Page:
Rth2 = R2a * R2b / (R2a + R2b) = 3,300 * 120 / (3,300 + 120) = 115.789473684 ohms
IledMax2 = (Vth2  Vled2  Vbe2  Vbe1) / Rth2
= (4.5 V  2 V  0.7 V  0.7 V) / 115.789473684 ohms = 0.0095 A = 9.5 mA
Vth3 = Vs * R3a / (R3a + R3b) = 4.5 V * 2,700 / (2,700 + 150) = 4.26315789474 V
Rth3 = R3a * R3b / (R3a + R3b) = 2,700 * 150 / (2,700 + 150) = 142.105263158 ohms
IledMax3 = (Vth3  Vled3  Vbe2  Vbe1) / Rth3
= (4.5 V  2 V  0.7 V  0.7 V) / 142.105263158 ohms = 0.00774074074 A = 7.74074074 mA
Calculate the equivalent emitter resistance:
Req = Re  Rth1  Rth2  Rth3 = 38.5624852748 ohms
The is very low resistance. Thus you will need an additional transistor connected in parallel with the Q2 transistor to reduce the power dissipation and the maximum current to prevent possible transistor failure.
The minimum input resistance will equal:
Rin = Req * (Beta + 1) * (Beta + 1)
= 38.5624852748 ohms * 21 * 21 = 17,006.0560062 ohms = 17.01 kohms
A typical transistor current gain, Beta is usually equal to 100. Some transistors can have a typical current gain of 500. Current gain is influenced by:
 temperature,
 production tolerances,
 aging,
 biasing current.
More information on the Thevenin’s Theorem can be found here:
https://www.electronicstutorials.ws/dccircuits/dcp_7.html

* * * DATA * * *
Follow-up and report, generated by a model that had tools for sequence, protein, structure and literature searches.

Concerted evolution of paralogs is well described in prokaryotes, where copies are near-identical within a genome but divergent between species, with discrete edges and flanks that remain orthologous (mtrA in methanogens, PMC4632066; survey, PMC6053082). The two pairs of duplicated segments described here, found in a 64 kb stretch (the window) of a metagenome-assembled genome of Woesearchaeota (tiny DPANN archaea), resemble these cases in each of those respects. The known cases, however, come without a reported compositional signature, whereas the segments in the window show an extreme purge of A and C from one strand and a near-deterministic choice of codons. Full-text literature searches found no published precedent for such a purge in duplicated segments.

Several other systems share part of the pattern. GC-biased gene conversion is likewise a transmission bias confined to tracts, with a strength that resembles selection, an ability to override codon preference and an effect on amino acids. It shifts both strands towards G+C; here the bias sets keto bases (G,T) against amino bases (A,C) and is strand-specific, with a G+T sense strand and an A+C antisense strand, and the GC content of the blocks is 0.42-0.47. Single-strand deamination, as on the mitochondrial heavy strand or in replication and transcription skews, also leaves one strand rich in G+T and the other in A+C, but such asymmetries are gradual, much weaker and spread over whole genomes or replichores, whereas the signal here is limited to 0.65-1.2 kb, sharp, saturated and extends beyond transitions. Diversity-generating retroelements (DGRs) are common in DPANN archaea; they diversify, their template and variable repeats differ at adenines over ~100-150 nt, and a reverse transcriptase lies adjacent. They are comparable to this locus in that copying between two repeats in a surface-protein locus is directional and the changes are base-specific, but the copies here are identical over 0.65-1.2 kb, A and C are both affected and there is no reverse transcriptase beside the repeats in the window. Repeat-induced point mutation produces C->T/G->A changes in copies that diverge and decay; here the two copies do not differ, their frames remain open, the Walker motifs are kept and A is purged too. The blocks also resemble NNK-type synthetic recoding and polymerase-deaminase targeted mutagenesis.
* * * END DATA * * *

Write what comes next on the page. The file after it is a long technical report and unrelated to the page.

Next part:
Step 2: Simulations
Simulations show that the minimum current is above about 5 mA. This should be just about enough to keep the third LED on.
Step 3: Make the Circuit
I did not use a soldering iron. I twisted the wires together with pliers.
Step 4: Test the Circuit
I used 1 kohm potentiometer as a voltage reference. However, I believe that you can use a 10 kohm potentiometer if you do not have the 1 kohm variable resistor.
Conclusion
You can try adding additional LEDs to the circuit.

Three Transistor Oscillator
03/21/2020 at 20:04 • 0 commentsThis article shows you how to make a simple three transistor oscillator. The circuit is turning on time delay cascading transistors and LEDs.
An oscillator can be made from:
 one, two or three transistors (BJT, JFET, MOSFET or UJT),
 555 timer (https://en.wikipedia.org/wiki/555_timer_IC),
 8038 Integrated Circuit: https://en.wikipedia.org/wiki/Intersil_ICL8038,
 operational amplifier (https://en.wikipedia.org/wiki/Schmitt_trigger oscillator),
 relay,
 DC or AC motor/generator.
The circuit made in this article is known as a Ring Oscillator:
https://en.wikipedia.org/wiki/Ring_oscillator
You can see the circuit working in this video:
Step 1: Design the Circuit
I have drawn the circuit in the old PSpice Student edition software:
The software did not have LED components. Thus I used general purpose diodes. Keep in mind that this could have affected my simulations because general purpose diode voltage is 0.7 V and LED voltage is 2 V.
Calculate the maximum base current:
IbMax = (Vs  Vbe) / (Rc3 + Rb1a + Rb1b)
= 3 V  0.7 V / (12000 ohms)
= 2.3 V / 12000 ohms = 225 uA